all pages into which it is injected - so there is no opportunity or
desire to inject a different string per document.

Thanks!

Nov 19 '05 #3

P: n/a
re:
I thought that starting a path with a '/' causes a path to be
"root-relative" according to HTML fundamentals
Sure, depending on where the "root" is configured.

Your "root directory" is always going to be wwwroot, if you
haven't configured a downlevel directory as an application.

In that case, "/someFolder/AnotherFolder/TheGraphic.gif"
refers to wwwroot/someFolder/AnotherFolder/TheGraphic.gif.

If you *have* configured an application at /someotherFolder,
then *that* relative root is /someotherFolder, and a link like
"/someFolder/AnotherFolder/TheGraphic.gif" at *that* location
will refer to
wwwroot/someotherFolder/someFolder/AnotherFolder/TheGraphic.gif

Bottom line is, you can't have the same images directory
for different applications, because the root directory will
vary for each application.


Juan T. Llibre
ASP.NET MVP
http://asp.net.do/foros/
Foros de ASP.NET en Español
=====================

"Win, Pats" <IJ********@SpamThis.com> wrote in message
news:es*************@tk2msftngp13.phx.gbl... Unfortunately the tilde reference to the root doesn't help in my situation
because ASP.NET isn't resolving the path. What I'm doing is simply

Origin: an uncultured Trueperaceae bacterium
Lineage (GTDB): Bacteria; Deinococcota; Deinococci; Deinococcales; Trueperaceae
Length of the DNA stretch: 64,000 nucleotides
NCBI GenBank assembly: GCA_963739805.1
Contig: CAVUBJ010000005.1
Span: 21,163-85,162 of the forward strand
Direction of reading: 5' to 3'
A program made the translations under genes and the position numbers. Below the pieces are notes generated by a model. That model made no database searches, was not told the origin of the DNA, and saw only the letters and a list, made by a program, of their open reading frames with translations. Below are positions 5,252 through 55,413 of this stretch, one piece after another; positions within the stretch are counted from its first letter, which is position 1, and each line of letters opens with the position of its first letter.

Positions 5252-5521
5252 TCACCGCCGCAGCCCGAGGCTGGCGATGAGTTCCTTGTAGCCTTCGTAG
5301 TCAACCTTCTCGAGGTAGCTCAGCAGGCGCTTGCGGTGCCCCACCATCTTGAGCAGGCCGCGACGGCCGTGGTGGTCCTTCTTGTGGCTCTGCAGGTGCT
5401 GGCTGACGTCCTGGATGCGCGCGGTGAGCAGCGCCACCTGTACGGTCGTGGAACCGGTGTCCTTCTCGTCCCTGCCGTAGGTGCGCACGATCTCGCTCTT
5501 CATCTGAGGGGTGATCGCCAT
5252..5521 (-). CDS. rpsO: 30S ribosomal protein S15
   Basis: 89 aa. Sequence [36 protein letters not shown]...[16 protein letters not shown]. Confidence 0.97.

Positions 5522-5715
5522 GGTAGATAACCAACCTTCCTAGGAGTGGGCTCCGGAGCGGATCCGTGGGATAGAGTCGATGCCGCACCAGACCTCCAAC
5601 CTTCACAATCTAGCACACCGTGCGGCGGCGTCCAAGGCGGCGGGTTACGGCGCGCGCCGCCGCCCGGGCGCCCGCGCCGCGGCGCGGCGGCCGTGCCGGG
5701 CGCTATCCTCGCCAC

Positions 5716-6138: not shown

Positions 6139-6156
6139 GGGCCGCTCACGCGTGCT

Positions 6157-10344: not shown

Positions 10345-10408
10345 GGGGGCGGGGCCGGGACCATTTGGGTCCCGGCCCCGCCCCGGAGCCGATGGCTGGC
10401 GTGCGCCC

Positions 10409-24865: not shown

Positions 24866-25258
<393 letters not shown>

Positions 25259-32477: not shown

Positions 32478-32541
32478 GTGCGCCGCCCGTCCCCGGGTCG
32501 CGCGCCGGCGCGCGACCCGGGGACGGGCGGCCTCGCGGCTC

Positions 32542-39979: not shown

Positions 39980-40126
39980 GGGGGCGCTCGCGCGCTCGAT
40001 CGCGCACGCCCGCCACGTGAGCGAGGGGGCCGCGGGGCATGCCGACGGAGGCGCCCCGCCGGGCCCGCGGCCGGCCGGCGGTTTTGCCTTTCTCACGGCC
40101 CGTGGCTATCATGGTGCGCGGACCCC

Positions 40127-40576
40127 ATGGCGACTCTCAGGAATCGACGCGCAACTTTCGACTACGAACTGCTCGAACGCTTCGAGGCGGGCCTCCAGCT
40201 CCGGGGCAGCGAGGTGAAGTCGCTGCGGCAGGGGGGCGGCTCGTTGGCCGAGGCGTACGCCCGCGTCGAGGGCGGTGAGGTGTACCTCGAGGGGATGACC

injecting a string of HTML into the pages via a Literal control - so it's
the browser that needs to know where the root is...

I thought that starting a path with a '/' causes a path to be
"root-relative" according to HTML fundamentals (as used in the following
<img> tag):
<img src="/someFolder/AnotherFolder/TheGraphic.gif">

Am I incorrect about that?


"Ken Cox [Microsoft MVP]" <BA************@sympatico.ca> wrote in message
news:%2***************@TK2MSFTNGP15.phx.gbl...
Don't forget about the tilde (~) in ASP.NET. It resolves to the root of
your site. Therefore you can use something like

"~/images/myimage.gif"

from anywhere.

Ken

"Win, Pats" <IJ********@SpamThis.com> wrote in message
news:ug****************@TK2MSFTNGP09.phx.gbl...
I have a snippet of HTML that I inject into a number of pages throughout